It is an innocuous piece of plastic, designed to imitate a small bit of wood – and yet it has wrought havoc in the world of angling.
Meet the “Magic Twig”, a device its supporters say will revolutionise carp fishing and, eventually, all forms of the sport.
Its critics, however, are sounding grave warnings about its implications for the integrity of angling, and threaten lifetime bans for those who use it.
Launched last week, the mechanism is described as a self-triggering hooking device. It senses when a fish is biting on the hook, then springs the line tight to secure the hook in the animal’s mouth, imitating the effect of the “strike”, where an angler rapidly lifts the rod.
The intention is to cut down on the many times when a fish will investigate a hook, even biting on it, but swim away because it has not got a proper purchase in the flesh, often without the angler even knowing.
In carp fishing, the baited line sits at the bottom of the water, rather than on the surface.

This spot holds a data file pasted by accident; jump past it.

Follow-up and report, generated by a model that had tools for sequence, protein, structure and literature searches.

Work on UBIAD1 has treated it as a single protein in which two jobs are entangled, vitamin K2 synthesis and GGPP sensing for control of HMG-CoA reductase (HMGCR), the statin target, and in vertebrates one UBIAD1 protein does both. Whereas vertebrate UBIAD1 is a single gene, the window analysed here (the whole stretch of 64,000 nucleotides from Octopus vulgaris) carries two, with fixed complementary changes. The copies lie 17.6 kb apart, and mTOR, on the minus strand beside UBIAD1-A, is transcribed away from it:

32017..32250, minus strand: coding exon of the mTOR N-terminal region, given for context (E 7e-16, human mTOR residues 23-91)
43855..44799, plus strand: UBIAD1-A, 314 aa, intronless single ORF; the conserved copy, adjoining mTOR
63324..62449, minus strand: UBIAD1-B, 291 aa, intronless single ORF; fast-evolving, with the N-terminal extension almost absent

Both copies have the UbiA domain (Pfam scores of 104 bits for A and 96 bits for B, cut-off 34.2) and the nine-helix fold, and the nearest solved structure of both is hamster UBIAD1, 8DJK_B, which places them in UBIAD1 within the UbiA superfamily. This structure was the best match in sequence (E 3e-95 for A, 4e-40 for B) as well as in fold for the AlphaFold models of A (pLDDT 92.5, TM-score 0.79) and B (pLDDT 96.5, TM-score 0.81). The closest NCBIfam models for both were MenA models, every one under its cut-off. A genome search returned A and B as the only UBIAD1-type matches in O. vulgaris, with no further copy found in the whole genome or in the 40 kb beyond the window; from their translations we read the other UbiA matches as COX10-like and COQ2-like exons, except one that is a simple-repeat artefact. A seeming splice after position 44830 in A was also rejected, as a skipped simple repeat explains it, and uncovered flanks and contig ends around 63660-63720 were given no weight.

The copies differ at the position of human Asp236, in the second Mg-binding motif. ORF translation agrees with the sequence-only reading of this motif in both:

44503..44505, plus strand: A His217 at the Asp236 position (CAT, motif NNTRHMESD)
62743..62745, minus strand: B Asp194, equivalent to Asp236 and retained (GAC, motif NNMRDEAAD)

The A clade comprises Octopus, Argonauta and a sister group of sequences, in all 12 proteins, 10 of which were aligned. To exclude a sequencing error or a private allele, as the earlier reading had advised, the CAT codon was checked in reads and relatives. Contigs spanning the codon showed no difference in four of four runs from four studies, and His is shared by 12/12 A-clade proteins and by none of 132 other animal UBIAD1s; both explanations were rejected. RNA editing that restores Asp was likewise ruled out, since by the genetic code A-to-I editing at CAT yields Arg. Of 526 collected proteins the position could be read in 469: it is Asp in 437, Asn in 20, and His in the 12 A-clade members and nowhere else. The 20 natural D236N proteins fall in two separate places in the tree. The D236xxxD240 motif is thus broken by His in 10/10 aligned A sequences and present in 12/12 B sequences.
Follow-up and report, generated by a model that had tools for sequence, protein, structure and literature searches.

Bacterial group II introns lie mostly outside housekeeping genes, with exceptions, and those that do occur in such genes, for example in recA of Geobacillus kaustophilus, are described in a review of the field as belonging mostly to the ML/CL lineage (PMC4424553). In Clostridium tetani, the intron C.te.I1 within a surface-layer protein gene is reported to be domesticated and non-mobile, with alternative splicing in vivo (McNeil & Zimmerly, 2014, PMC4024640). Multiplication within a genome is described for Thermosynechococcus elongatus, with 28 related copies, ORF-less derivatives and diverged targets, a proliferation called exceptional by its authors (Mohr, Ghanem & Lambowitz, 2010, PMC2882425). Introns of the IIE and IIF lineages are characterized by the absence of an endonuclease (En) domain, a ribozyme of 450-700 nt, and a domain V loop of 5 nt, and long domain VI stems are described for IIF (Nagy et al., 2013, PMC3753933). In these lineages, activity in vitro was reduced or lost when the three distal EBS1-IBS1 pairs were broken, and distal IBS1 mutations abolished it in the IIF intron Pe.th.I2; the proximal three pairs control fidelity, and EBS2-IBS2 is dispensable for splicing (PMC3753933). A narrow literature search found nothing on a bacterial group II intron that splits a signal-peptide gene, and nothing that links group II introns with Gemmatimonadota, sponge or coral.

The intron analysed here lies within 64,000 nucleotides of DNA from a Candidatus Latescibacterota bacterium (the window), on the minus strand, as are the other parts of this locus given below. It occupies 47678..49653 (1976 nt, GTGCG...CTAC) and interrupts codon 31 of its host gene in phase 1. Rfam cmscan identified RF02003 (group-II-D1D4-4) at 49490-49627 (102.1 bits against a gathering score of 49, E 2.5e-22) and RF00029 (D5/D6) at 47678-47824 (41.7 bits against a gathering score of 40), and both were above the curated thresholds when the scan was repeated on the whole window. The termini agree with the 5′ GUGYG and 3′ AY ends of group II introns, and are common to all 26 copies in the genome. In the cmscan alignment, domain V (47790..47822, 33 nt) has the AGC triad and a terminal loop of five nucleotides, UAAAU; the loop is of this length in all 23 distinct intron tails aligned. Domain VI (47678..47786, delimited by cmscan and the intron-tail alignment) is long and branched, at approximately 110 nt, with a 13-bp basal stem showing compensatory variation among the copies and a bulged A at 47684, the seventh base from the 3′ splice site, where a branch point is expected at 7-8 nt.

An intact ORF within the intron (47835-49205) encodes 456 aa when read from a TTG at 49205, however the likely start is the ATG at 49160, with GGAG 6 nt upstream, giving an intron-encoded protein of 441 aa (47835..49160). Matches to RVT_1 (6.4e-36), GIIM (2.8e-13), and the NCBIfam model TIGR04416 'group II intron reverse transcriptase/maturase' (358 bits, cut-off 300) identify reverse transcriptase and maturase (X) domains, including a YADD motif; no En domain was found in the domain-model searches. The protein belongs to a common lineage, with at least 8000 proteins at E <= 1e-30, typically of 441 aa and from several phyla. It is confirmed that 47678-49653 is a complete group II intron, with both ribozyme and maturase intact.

However, many fisheries have banned members from using it, with questions over the safety of their carp, some worth thousands of pounds.
Other critics have claimed it takes too much human skill out of the pastime.
Horcott Lakes, a carp fishery in the Cotswolds, said: “Anyone seen or caught using this contraption will be asked to leave with immediate effect.”
Craig Barwell, a plumber from Sutton Coldfield, came up with the concept, which has been developed by OMC, owned by Ali Hamidi, who presents The Grand Fishing Adventure on ITV.
Mr Hamidi told The Telegraph: “I developed this to counter the many frustrations I have had when fishing. This is going to make people catch more fish and enjoy their hobby.”
He said the device was so popular it would sell out this weekend, and predicted anglers in all forms of the sport would adopt it.
Some fisheries have come to his defence. Paul Ward, owner of one of the UK’s most prominent carp fishing venues, Grenville syndicate in Cambridgeshire, told Angling Times: “I have no issues with this product at all, a lot of fisheries seem to be banning it without seeing it.”